We didn’t really know him as such. He came to the post office, ordered lots of books, subscribed to newspapers and magazines and always collected them himself. He clearly loved to read. The last time he came here was in May and we asked him whether he was going to renew his subscription for the next six months. He said that, for the time being, he wouldn’t. We said “you’re probably thinking of moving away?” He didn’t say anything, but he generally wasn’t very talkative. He told me recently that some local guys went to his place and stole something. But apart from that he never said anything. He didn’t tell me about any relatives. He once received a letter from somewhere near Samara, and that’s it. I myself never went to his place. People from the regional newspaper went to his house and wrote an article about him. We saw the photo in it of him pedaling his bike so that he’d have light.
His newspapers have stayed here since June because he didn’t come to collect them. We lost him and we even wanted to tell our boss that he’d disappeared. Maybe he was eaten by bears, who knows? He himself told us that wolves walk around and howl at night. How he ended up in the Far East is a mystery to everyone. Where was he going? People say that he might have gone there for herbs. He worked with herbs and there are some in the Far East that we don’t have here. They told us that they found him murdered there. You couldn’t say that he was ill – he was a very hardy guy. I don’t know why it happened. They say that money was found on him. If he’d been killed, the money would have been taken. How it happened is a mystery.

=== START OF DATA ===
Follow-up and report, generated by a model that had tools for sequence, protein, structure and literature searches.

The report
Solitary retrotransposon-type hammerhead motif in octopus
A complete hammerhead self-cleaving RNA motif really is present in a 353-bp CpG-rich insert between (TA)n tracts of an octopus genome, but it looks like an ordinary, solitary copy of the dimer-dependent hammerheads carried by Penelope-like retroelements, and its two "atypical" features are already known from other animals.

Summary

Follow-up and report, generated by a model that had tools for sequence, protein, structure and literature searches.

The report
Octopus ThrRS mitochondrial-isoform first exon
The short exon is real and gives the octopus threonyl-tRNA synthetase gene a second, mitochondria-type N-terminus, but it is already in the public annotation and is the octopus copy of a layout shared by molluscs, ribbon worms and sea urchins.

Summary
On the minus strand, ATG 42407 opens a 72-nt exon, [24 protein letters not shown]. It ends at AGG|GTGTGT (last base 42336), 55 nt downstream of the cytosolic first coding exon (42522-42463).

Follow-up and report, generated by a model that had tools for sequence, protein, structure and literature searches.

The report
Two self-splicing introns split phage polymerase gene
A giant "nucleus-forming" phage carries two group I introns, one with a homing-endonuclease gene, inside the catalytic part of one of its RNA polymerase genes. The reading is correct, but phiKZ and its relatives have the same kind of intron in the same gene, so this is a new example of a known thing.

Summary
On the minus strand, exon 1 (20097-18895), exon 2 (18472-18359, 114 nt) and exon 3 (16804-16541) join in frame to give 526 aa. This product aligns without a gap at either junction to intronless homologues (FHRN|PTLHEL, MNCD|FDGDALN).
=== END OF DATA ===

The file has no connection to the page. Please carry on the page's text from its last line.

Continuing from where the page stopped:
head of the village
We visited him once and talked about life for 10 or 15 minutes. But he was generally a withdrawn person – I don’t know why he didn’t talk to us. He told us that he arrived in Sabik in the early 1990s. There they got dry lumber and made planks at the sawmill. At first he worked on a tractor, then he worked as a driver. He stayed behind when the group of workers left and lived in this house, not disturbing anyone.
In the summer they said that they’d found him murdered in Primorsky Krai. We were shocked: he wasn’t planning on going anywhere and he received his pension in Shalyu. He himself said that he had enough money. He didn’t plant anything and didn’t say what he did with his time. He went for water, heated the bathhouse, and had his own radio set on which he used to listen to the news. The last time we spoke he didn’t even let us into the house. We stood and talked, and then we left and he stayed. After 20 years, he was used to being alone. I asked him why he didn’t have any animals and he said that he used to have a dog but it died and he didn’t need anything else.